New 9/11 memorial honoring rescue and recovery workers opens at World Trade Center
Photo by Monika Graff for the 9/11 Memorial & Museum
The 9/11 Memorial & Museum’s new monument honoring first responders opened Thursday, on the 17th anniversary of the official end of the recovery effort at Ground Zero. The 9/11 Memorial Glade monument recognizes first responders who are currently sick or who have died from illnesses caused by toxins following the September 11 attacks. Located at the World Trade Center site, the memorial consists of six stone monoliths that point skyward to “symbolize strength and determination through adversity.”
Photos by Monika Graff (top) and Jin S. Lee (bottom) for the 9/11 Memorial & Museum
The stone monoliths inlaid with World Trade Center steel flank a pathway, marking the same place of the main ramp that provided access to bedrock during the recovery period. Michael Arad and Peter Walker, the architects behind the original Reflecting Absence memorial, designed the new tribute.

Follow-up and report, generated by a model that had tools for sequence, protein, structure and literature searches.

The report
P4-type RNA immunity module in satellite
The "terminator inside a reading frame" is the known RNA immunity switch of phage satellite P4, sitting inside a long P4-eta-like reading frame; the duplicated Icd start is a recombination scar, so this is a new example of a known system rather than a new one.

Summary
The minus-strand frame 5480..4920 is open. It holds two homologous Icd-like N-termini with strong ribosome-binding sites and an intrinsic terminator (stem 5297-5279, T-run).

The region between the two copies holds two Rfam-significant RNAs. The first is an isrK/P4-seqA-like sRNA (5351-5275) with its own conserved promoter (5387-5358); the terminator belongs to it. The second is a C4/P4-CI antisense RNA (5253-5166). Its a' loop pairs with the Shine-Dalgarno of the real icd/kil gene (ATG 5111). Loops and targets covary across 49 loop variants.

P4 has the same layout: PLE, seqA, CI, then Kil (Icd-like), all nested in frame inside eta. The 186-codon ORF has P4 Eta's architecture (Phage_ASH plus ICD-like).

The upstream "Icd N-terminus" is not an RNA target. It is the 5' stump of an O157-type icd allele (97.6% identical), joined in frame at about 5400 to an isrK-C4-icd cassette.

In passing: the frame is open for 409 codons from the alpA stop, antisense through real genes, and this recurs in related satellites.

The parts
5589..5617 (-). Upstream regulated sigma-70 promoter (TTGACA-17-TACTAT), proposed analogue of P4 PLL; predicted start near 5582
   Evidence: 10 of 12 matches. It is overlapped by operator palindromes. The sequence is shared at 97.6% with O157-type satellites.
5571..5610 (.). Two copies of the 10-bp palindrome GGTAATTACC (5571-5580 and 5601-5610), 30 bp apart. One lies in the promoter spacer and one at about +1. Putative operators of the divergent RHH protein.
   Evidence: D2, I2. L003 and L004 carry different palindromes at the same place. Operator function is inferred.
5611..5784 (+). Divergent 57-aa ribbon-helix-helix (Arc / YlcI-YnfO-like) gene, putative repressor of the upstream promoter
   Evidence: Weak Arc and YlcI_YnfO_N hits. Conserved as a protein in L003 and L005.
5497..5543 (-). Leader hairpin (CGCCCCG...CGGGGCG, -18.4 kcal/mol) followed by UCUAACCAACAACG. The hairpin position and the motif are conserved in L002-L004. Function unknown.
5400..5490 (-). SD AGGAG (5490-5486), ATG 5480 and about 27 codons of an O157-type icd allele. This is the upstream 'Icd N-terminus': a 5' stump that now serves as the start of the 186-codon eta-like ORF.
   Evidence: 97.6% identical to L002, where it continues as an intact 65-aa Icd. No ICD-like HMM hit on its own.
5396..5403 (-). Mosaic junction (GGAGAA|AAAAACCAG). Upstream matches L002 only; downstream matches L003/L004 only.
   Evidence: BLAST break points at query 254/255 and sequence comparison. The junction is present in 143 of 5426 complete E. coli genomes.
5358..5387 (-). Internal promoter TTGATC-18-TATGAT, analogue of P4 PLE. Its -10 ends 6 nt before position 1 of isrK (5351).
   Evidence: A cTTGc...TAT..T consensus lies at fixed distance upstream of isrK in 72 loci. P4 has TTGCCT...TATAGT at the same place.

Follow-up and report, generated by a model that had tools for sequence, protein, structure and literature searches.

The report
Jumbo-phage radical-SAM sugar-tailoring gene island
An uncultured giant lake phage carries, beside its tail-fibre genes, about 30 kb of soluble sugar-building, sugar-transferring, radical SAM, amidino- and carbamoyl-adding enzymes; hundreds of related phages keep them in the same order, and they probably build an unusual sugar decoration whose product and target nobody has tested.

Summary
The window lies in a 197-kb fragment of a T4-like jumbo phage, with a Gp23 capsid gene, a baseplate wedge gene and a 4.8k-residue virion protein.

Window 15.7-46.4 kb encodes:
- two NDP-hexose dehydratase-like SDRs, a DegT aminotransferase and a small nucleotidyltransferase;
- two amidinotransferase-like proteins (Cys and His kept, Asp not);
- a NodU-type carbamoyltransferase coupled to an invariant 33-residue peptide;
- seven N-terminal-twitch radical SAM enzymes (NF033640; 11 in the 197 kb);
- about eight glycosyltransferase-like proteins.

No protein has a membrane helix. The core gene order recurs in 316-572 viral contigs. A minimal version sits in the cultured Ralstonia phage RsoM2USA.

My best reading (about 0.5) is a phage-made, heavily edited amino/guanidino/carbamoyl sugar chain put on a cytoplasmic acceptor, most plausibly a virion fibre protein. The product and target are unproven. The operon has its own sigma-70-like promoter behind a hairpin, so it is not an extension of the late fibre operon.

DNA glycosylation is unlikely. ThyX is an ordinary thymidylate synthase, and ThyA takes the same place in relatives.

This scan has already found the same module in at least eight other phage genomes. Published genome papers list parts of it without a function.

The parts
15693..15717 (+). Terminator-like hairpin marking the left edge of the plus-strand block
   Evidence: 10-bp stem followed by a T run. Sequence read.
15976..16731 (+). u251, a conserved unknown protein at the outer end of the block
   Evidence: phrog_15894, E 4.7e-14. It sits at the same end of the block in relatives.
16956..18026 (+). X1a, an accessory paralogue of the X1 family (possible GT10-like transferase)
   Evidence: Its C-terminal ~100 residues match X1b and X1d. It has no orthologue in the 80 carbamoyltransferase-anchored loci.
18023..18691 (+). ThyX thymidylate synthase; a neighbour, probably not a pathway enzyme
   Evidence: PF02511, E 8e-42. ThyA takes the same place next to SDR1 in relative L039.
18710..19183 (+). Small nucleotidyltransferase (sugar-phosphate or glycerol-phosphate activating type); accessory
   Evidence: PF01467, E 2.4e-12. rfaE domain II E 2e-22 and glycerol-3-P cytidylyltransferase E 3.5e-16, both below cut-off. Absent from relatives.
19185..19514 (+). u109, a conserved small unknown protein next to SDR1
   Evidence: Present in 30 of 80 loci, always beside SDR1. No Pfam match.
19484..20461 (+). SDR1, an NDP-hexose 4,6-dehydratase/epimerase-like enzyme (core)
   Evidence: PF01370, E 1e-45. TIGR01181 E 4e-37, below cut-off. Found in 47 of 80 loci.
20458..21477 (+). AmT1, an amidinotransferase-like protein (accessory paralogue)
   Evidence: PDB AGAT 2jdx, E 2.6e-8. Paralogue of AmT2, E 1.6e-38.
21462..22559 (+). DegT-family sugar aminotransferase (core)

“Its roughhewn monoliths convey the strength and determination shown by this remarkable group, and the World Trade Center steel that is embedded in these monoliths alludes to the sinewy strength and determination they displayed in the face of adversity,” Arad said in a statement.
Photos by Jin S. Lee for the 9/11 Memorial & Museum
As 6sqft previously learned, an estimated 400,000 people were exposed to life-threatening toxins after the rescue and recovery effort ended. According to the Center for Disease Control, more than 93,000 survivors and responders have enrolled in the World Trade Center Health Program.
Former Mayor Michael Bloomberg, public officials, health advocates, and community members gathered at the memorial’s dedication ceremony. “They continue to fall ill and many have died from exposure to Ground Zero toxins,” Bloomberg said, referring to the first responders. “This tribute honors them and helps us all remember them and their stories.”
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Photos by Jin S. Lee/ Monika Graff for the 9/11 Memorial & Museum